22/06/2016 - 12:23

ASX rules cut growth off at the base

22/06/2016 - 12:23

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The ASX has upset the WA corporate advisory market by proposing tighter listing requirements that will allegedly boost investor confidence by providing ‘enhanced guidance about the standards expected of an ASX-listed company’. 

The new ASX listing requirements could increase the barriers to innovation.

The ASX has upset the WA corporate advisory market by proposing tighter listing requirements that will allegedly boost investor confidence by providing ‘enhanced guidance about the standards expected of an ASX-listed company’. 

The implication is that some small IPOs are assuming an unwarranted respectability under the present rules, thereby exploiting unsuspecting unsophisticated investors.

On the other hand, critics of the changes claim the new rule changes will increase regulatory burden and thereby stifle innovation and productivity.

The critics are right and it’s important to understand why. Regulation itself is not an issue. Well-defined property rights – essential for smooth trading – generally require a substantial regulatory infrastructure to monitor and enforce. Deep and liquid free markets are far from free-for-alls.

The issue is the misplaced assumption that the governance of IPOs is principally about protecting shareholders against managerial opportunism. The reverse is true for IPOs involving innovative businesses.

The persons most deeply invested in a new entrepreneurial venture are the original owners-managers, whose ongoing investments of time, effort, and attention are essential to success. When an entrepreneur requires capital to develop an innovative project or initiate a high-risk venture such as minerals exploration, they face the risk of control being wrested from them by investors once the project is proved commercially viable and can be operated independently of them.

Researchers such as Stewart Myers of MIT, one of the most influential corporate finance theorists of modern times, point out that firms whose future value depends on human effort and risk taking by key managers go public to reduce the bargaining power of outside investors by diffusing their voting control.

For innovative entrepreneurs, IPOs solve the problem of obtaining development capital from outside investors while minimising their risk of losing control (and associated rewards) when a payoff is imminent.

This perspective makes sense of an otherwise pointlessly extravagant aspect of many IPOs –  the amounts raised are remarkably small given the substantial fixed and ongoing costs of a public listing. I’ve come across IPOs that raised less than $2 million and incurred well over $200,000 in direct listing expenses. One can easily envisage cheaper capital raising solutions, but it is difficult to think of ones that also effectively protect the return to the entrepreneurs’ human capital from being appropriated by investors once commercial success is assured.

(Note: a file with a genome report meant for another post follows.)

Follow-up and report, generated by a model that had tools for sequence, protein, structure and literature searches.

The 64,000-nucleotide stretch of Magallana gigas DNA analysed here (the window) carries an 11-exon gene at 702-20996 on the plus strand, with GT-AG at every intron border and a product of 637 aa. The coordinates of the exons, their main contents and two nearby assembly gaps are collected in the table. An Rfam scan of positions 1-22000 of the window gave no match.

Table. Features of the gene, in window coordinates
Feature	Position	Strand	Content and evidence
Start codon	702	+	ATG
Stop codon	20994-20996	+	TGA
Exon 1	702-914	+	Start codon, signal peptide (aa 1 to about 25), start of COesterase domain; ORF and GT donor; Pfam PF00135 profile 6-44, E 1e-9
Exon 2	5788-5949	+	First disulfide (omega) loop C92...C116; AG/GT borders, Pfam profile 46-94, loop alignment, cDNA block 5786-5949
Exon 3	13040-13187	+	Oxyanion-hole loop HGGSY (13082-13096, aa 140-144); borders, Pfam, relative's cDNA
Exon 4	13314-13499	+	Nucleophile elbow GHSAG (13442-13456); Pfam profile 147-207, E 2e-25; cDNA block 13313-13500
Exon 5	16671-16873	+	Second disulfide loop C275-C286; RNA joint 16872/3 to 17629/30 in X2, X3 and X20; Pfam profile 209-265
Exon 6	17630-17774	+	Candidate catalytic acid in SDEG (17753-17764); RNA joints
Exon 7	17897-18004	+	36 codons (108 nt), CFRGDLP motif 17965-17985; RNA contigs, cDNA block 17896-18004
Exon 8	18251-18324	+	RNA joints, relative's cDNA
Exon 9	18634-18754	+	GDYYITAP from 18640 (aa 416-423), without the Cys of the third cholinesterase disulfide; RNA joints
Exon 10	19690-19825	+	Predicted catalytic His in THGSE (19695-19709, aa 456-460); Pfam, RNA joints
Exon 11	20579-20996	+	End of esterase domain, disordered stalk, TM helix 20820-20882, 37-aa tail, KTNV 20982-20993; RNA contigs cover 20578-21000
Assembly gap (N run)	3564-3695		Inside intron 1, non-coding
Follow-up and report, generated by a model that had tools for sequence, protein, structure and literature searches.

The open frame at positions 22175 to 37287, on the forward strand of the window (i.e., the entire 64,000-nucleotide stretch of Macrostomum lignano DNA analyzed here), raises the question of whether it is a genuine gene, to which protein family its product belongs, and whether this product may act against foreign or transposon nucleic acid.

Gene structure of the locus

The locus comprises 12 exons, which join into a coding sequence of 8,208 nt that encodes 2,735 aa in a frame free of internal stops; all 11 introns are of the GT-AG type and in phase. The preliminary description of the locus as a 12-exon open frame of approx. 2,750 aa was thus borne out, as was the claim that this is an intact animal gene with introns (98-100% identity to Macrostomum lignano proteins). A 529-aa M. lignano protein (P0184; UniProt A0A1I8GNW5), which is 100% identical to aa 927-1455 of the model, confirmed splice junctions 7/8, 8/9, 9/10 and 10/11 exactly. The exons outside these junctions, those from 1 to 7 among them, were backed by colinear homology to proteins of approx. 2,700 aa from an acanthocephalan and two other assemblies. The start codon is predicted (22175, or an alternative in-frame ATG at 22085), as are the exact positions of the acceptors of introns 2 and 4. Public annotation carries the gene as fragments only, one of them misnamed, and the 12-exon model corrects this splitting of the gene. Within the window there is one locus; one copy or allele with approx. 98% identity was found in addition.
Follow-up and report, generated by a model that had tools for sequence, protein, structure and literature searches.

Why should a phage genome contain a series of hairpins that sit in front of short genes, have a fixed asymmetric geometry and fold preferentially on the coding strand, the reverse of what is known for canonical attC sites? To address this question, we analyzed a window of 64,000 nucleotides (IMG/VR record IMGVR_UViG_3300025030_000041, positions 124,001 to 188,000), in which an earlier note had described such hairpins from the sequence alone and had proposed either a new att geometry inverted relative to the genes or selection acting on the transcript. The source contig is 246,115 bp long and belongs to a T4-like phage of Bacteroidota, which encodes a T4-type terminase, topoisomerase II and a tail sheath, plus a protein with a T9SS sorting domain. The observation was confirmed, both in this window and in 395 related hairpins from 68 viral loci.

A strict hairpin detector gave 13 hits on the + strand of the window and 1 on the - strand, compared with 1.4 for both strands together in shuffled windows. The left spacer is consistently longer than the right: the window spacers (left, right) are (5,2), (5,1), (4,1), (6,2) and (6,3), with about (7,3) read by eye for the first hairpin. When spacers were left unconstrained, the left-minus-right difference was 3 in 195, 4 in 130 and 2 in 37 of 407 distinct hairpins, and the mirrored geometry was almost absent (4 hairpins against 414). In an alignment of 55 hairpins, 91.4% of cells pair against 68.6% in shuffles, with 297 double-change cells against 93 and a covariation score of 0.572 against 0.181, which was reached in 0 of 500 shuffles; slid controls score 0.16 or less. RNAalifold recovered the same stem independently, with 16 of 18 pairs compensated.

There is a fashionable view that the micro-capitalisation IPO sector is populated by a disproportionate number of snake-oil peddlers who prey on the gullibility of naïve mum and dad investors. The reality is that small-time amateur punters are not the principal support base of the micro-cap sector; the sector relies far more on reasonably savvy investors with an appetite for the risk-reward tradeoff offered in this market.

As a class, retail investors lose far more in the big-ticket IPOs that would easily meet the ASX’s proposed new criteria than they do in the micro-cap IPOs that the ASX proposes to ban.

The ASX is a commercial, for-profit entity that quite reasonably expects to be allowed to run its business in a way that bests suits its interests. It is true that lifting standards to entry to a club improves the reputation of those already in the club. This is not a trivial consideration, particularly if the ASX believes this outcome may make it more attractive to a potential bidder and this is the desired objective. A long rump of small companies with highly volatile share prices may not be worth their listing fees if they put off potential bidders.

Nevertheless, the critics’ point that the new rule changes will increase the barriers to innovation and productivity has a sound basis.

Entrepreneurs with projects that fall below the ASX’s increased size thresholds will be barred from accessing one capital raising method that protected their interested and that demonstrably passed the market test of effectiveness.  A lot of seed capital is lost in the micro-cap market, but it’s from tiny acorns that might oaks grow. 

It’s a shame the ASX is proposing rule changes that will reduce the ground on which those seeds might thrive.

 

STANDING BY BUSINESS. TRUSTED BY BUSINESS.

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